AUSTRALIA is on the verge of its biggest and longest mining boom since the Gold Rush began in 1851.
The Gillard Government is banking the Mineral Resource Rent Tax (MRRT) will use growth in the resources industry to return the Federal Budget to surplus by 2012-13.
Funds from the tax will reduce broader taxes by 2016-17, but the government may fail to prevent the return of double-digit inflation once the mining boom ends and surplus funds are used to deliver tax cuts.
One remedy for inflation involves channelling some of the surplus into a sovereign wealth fund to cover future costs of an ageing population, disaster recovery, offsetting the carbon tax and Indigenous Australian programs.
Gold Coast Business News asked a panel of experts featured at Bond University’s Titans of Industry forum for their views on Australia’s role in the new global economy.
SAUL ESLAKE (PICTURED), GRATTAN INSTITUTE PROGRAM DIRECTOR
What are your thoughts on the carbon tax?
Even though the current government had enough votes to get the carbon tax through parliament, the next government will abolish it – and if they can’t get the abolition legislation through at this election the Coalition can resort to a double-dissolution of powers.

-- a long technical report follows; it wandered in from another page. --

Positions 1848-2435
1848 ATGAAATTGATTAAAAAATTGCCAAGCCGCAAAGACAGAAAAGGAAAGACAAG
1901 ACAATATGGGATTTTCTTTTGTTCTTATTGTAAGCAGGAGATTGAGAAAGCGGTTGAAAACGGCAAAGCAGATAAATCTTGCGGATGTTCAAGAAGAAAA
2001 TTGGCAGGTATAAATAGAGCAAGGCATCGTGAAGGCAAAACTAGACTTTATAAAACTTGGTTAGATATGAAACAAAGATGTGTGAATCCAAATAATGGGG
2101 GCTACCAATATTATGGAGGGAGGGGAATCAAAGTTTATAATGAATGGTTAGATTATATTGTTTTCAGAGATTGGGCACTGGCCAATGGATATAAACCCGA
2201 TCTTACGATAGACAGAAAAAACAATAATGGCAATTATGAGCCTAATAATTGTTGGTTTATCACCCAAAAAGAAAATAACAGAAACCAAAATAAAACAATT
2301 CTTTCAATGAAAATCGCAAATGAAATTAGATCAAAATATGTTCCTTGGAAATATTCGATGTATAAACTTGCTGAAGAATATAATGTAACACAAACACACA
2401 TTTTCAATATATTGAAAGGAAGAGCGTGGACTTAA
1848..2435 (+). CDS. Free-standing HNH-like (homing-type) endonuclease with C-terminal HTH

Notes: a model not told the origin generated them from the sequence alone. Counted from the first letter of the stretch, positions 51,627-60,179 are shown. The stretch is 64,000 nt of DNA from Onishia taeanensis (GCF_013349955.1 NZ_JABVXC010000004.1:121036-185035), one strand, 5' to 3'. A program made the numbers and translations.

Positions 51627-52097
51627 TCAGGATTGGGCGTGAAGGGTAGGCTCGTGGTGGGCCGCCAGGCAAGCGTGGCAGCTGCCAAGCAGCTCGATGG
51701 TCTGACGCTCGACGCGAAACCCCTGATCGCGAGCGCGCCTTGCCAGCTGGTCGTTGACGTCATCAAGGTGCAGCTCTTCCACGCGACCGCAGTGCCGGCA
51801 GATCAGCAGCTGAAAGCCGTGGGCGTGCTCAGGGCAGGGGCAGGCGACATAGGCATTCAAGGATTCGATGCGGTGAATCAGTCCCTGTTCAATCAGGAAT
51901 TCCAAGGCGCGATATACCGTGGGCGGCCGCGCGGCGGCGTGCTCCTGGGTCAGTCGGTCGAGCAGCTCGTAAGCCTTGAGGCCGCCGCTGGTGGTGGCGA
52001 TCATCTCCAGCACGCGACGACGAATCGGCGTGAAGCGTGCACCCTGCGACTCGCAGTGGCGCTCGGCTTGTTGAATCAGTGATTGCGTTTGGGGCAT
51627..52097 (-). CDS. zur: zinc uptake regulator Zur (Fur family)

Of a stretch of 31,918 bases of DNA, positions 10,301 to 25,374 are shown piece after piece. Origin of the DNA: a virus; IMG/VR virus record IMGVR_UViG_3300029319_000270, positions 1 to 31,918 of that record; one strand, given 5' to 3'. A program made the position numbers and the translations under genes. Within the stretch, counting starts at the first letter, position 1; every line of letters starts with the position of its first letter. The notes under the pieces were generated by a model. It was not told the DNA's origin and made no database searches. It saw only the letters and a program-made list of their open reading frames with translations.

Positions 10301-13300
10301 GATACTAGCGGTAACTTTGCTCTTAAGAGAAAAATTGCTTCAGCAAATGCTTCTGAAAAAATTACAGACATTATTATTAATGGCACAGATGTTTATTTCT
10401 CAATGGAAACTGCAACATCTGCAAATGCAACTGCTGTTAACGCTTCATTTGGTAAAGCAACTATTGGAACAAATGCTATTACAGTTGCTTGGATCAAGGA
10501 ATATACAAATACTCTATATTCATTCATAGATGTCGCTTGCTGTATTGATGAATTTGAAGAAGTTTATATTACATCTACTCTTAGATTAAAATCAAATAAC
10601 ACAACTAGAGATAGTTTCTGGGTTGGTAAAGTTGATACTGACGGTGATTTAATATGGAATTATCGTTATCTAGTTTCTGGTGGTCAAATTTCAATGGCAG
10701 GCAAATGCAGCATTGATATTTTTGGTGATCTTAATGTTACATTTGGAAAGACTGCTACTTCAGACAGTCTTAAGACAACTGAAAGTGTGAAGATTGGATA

There is no more certainty than when the legislation was first announced.
What did you make of the Tax Forum in Canberra?
Prime Minister Julia Gillard said the mining boom was likely to last much longer than previous booms and the transformations in our economy would be deep and painful. I hoped the Tax Forum would be more like the 1996 National Reform Tax Summit, in which the Howard Government started the Ralph Review of business taxes and GST reforms in the late 1990s.
To achieve this, the forum must satisfy two conditions: Bipartisan support and a big surplus to pay off the losers. We haven’t had much of either, so there is a slim chance of achieving major reform.
Former prime minister John Howard’s greatest service to the nation was actually when serving as federal opposition leader. He put the national interest before partisan goals of getting into office.
Incumbent Federal Opposition Leader Tony Abbott seems to be following the example of Barry O’Farrell, who became New South Wales Premier by making life difficult for the Keneally Government.
What key challenges have been created by the mining boom?
This is the biggest and probably the longest mining boom in history since the Victorian Gold Rush. However, Australian commodity booms have historically ended in bursts of double-digit inflation.
This is because state governments failed to accept the market share of different sectors cannot add up to more than 100 per cent of the national gross domestic product (GDP).
If we are going to have the biggest mining industry in the world, the mining sector is going to expand its share of GDP and ultimately bring inflation.
The Federal Government’s Clean Energy Bill, MRRT and the long-term impacts of sovereign debt are discussed by a panel of experts who all agree Australia’s fiscal strategy requires vast improvement. Read comment from the entire panel of experts by getting your copy of Gold Coast Business News' October issue – out now in more than 500 Queensland newsagencies.
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